http://i200.photobucket.com/albums/a...d-cutting9.jpg

            http://i200.photobucket.com/albums/a...-cutting10.jpg

            http://i200.photobucket.com/albums/a...-cutting11.jpg

            http://i200.photobucket.com/albums/a...-cutting12.jpg

            http://i200.photobucket.com/albums/a...-cutting13.jpg

            http://i200.photobucket.com/albums/a...-cutting14.jpg

            http://i200.photobucket.com/albums/a...-cutting15.jpg

            http://i200.photobucket.com/albums/a...-cutting16.jpg

            http://i200.photobucket.com/albums/a...-cutting17.jpg

            http://i200.photobucket.com/albums/a...-cutting18.jpg

            http://i200.photobucket.com/albums/a...-cutting19.jpg

            http://i200.photobucket.com/albums/a...-cutting20.jpg

            Comment


            • #7
              Originally posted by Black Forest
              Where can I go to find/learn about change gears? Is there any general rules of thumb or info available? I had someone give me an old lathe with a box of change gears. His father used the lathe and he has no clue. It is an old Ariston lathe. Metric only. The only thing I know is that I don't know anything about making threads!
              Change gears can be pretty simple for an imperial only or a metric only lathe with a clean design but can get a bit more complicated for machines that try to cut both or that try to get by with too few gears and need more complicated setups, or use weird leadscrew pitches, etc.

              When you mesh two gears, the driven gear turns at the speed of the driven gear multiplied by the number of teeth on the driving gear and divided by the number of teeth on the driven gear, but in the opposite direction. If you insert an idler gear between them, the ratio doesn't change but the direction of rotation is reversed. If you insert a pair of gears coupled together on the same axle, with one meshing with the driving gear and the other meshing with the driven gear, then the ratio of the number of teeth on the two new gears affects the results.

              You should have at least three axles on which to mount gears. One on the spindle or the output of the tumbler reverse or coupled directly to the spindle with a fixed gear (that isn't changed because the spacing isn't adjustable). One on the lead screw. And one on a "banjo" which is a part that pivots around some point and has a long slot; between these two degrees of freedom, you can move the axle so the gear(s) on it mesh properly with the others. Each axle (with possibly one exception), should have the ability to mount 2 gears or 1 gear and a spacer the width of the gears. You may have additional axles, as well, to permit more complicated gear ratios.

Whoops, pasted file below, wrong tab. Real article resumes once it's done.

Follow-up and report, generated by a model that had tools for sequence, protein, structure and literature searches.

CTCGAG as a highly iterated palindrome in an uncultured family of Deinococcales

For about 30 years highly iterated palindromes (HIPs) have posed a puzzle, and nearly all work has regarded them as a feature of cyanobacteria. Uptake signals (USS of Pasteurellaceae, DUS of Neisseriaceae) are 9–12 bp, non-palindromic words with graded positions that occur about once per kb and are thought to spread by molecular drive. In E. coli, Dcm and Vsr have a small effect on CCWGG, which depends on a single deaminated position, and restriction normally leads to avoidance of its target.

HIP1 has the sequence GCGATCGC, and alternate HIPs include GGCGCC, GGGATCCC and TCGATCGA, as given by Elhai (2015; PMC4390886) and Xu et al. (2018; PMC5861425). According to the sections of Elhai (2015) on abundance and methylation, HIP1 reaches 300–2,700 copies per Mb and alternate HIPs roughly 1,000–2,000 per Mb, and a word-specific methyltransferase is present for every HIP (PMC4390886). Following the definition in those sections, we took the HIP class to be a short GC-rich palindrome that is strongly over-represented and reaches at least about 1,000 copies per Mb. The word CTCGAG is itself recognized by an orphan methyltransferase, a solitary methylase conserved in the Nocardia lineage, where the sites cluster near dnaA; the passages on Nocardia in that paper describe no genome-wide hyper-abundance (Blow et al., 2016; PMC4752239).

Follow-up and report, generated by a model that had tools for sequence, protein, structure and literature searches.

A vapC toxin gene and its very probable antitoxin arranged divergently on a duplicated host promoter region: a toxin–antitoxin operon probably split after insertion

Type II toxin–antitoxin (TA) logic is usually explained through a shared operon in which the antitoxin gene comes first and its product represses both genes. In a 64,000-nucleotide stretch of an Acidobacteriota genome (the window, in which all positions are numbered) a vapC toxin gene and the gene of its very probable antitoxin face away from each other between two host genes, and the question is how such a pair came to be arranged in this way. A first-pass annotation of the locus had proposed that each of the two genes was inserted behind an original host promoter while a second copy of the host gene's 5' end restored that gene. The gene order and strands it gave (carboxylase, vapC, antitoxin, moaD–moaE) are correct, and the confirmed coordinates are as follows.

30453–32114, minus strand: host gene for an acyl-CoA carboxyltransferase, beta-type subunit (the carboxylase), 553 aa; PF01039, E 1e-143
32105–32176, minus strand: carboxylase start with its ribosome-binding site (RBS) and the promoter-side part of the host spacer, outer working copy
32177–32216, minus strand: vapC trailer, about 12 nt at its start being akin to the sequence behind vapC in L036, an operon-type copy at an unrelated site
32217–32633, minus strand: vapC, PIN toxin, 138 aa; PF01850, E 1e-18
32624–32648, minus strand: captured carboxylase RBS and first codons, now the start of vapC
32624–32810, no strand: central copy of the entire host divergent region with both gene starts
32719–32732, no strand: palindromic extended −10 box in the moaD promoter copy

Assuming the first gear connects directly to the spindle or on an axle that rotates once per spindle revolution, then basically compute the ratio of the thread pitch/lead you want to the one on the lead screw and choose a combination of gears with the same ratio.

              Simple gearing:

              (spindle gear) (idler gear) (leadscrew gear)
              spindle gear drives idler gear which, in turn, drives the lead screw gear.
              ratio = spindle_gear/leadscrew_gear

              Example:
              Leadscrew: 1mm pitch
              Desired pitch: 2mm pitch
              ratio 2:1 (two leadscrew revolutions per spindle revolution)
              Spindle gear: 40 tooth (for example)
              Leadscrew gear: 20 tooth (half as many teeth as spindle gear)
              Idler gear: any gear which will fit and allow you to mesh with the two important gears.
              You could also use 32/16, 60/30, 72/36, 36/18
              Swap the two gears, and you will get 0.5mm pitch.

              If you can't find a simple gearing combination which works, you have to resort to compound gearing:
              Code:
              Spindle             Leadscrew 
                 |        |          |
              [GEAR A] [GEAR B]      |
                 |        |          |
                       [GEAR C]  [GEAR D]
                          |
              
              Ratio: A/B*C/D
              Here, gears B and C are on the same axle and keyed to rotate together. Spindle turns gear A, Gear A drives Gear B, C shares an axle with B so it turns at the same rate, and gear C drives gear D. The middle axle turns at a rate of A/B times the rate of the spindle and the leadscrew turns at a rate of C/D times the middle axle, or A/B*C/D times the spindle. If need be, you can insert any gear as an idler between gears A and B or gears C and D and it doesn't have any effect on the ratio other than reversing the direction of rotation.

              For really complicated ratios, you bring a 4th axle into play.

              It is easy to get confused and make your ratios upside down making a finer pitch when you wanted a coarser one, or vice versa, but easily fixed by swapping gears.